A report obtained by Newshub says there are "blind spots" and "gaps" in our surveillance of COVID-19 at the border.
It's raised concerns that if new variations of the virus arrive here they could get established and spread in the community without us knowing.
The Institute of Environmental Science and Research (ESR) COVID-19 lab in Porirua is one of the engine rooms for tracking the virus. But tracking it is dependent on having samples.
"If we do have gaps, you know we could be unlucky and actually see new variants come in and new variants develop overseas and we can't see it in New Zealand yet because it's hiding in a pocket where we don't have great surveillance," said Professor Mike Bunce, ESR principal scientist and genomics lead.
And New Zealand does have gaps, according to an ESR genomics insights report obtained under the Official Information Act.
ESR needs a minimum of 10 PCR tests to sample from each district health board (DHB) per week. The report states that "failure to hit these targets results in genomic blind spots" and "low sample numbers means studying these variants under NZ conditions is difficult as is making inferences about the size/shape of any future wave that might result".
"Because of our gaps in genome sequencing, it could be weeks before we detect something that's spreading in the community in our genomic surveillance and we don't know what the next variant looks like," said Dr Jemma Geoghegan, Otago University evolutionary virologist.
The next variant could, of course, be more severe, but the rate of samples sent for checks varies.
The genomics report, written on June 15, shows Canterbury and Southern DHBs are doing well, sending 177 and 129 PCR tests to ESR every week.
Counties Manukau and Waikato are lower down the list, referring 21 and 25 samples respectively.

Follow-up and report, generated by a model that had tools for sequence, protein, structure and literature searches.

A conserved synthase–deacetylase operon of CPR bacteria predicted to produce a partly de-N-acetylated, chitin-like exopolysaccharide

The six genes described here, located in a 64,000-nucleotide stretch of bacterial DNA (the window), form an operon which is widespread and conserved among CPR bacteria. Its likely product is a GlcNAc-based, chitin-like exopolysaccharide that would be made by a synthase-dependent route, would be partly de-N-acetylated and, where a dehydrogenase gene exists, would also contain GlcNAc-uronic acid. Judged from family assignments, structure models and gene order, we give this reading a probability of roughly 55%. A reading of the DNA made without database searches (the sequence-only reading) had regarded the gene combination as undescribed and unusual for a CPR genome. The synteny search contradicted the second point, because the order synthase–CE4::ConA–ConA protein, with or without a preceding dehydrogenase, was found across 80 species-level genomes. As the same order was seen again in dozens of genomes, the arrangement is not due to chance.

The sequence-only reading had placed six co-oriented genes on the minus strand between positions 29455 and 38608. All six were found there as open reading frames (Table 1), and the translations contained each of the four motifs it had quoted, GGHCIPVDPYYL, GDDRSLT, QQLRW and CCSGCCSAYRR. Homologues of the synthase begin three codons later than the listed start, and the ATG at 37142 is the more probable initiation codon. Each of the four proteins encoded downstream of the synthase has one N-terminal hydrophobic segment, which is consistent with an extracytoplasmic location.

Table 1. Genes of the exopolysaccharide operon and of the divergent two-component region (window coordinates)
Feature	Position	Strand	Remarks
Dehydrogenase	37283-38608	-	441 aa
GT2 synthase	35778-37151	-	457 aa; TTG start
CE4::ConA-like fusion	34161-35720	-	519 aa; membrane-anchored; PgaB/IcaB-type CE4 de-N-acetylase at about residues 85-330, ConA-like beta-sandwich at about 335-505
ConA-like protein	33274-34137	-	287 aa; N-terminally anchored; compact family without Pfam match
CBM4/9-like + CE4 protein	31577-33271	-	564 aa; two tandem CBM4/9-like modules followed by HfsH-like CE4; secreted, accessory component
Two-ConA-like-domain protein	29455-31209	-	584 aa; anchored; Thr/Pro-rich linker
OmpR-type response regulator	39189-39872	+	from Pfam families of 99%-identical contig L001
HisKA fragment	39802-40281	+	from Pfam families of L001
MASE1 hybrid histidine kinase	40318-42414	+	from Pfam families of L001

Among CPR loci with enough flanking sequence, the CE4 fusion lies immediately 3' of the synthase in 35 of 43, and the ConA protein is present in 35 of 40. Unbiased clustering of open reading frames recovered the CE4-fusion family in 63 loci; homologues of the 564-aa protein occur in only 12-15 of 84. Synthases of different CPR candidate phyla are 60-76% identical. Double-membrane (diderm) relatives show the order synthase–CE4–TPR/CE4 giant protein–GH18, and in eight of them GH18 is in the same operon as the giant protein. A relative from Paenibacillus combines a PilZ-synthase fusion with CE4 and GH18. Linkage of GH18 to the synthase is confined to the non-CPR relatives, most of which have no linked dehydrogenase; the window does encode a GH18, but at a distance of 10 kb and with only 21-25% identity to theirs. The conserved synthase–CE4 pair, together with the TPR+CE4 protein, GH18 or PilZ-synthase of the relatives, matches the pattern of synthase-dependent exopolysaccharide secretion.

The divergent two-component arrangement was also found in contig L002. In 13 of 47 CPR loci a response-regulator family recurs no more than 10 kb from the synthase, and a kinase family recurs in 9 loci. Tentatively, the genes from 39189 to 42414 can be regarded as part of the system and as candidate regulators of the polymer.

Six DHBs are not hitting the target. Wairarapa sent just one, Tairawhiti, West Coast, and Lakes didn't do much better. Hawke's Bay and Whanganui sent just seven PCRs.
"For the most part, we've got great surveillance across the country but there is some patchiness into some areas and we're constantly working on that to improve that," said Prof Bunce.
Analysing a whole genome sequence allows scientists to identify what variant they're dealing with and how it functions.
You need PCR samples to be loaded into a machine to unravel the information. But in the two weeks to June 3, only 57 percent of PRC border cases were sent to ESR. In the fortnight to June 10, 66 percent were sent.
And in the same time period, if you look at PCRs taken from sick people in hospital, just 32 percent of samples made their way to ESR.
Dr Geoghegan said that must improve.
"It is worrying that some DHBs are not referring samples to ESR for sequencing."
COVID-19 Response Minister Dr Ayesha Verrall said the system isn't perfect, but it's still helping identify trends.
"We are, however, going to try and lift that rate of coverage with the whole genome sequencing."
The report states there is currently "insufficient data" to robustly estimate the growth of different variants.
What is known is Omicron BA.2 is most prevalent, but BA.2.12.1 is also circulating, as are BA.4 and BA.5. These three emerging variants are the ones to watch.
"Of those three it looks like Omicron BA.5 is going to be the one that wins the gunfight," Prof Bunce said.
"Our estimate from our modelling suggests that will become the most dominant variant in New Zealand probably in mid to late July."
And that in itself will be a challenge in mid-winter. BA.5 is more transmissible and better at beating the vaccine.
Wastewater sampling is also being used to establish trends in COVID-19 variants, but this surveillance method has limitations as the results produced are retrospective.
Middlemore clinical microbiologist and infectious diseases physician Dr Susan Morpeth told Newshub the variation in the number of PCRs being sent to ESR is due to a combination of factors.
She said some samples can't be sequenced due to their low viral load and that some hospitals use tests that cannot be used for whole genome sequencing.
She said there's variability in labs having sufficient staff to package and ship samples regularly and staff sickness is also impacting labs, especially smaller ones.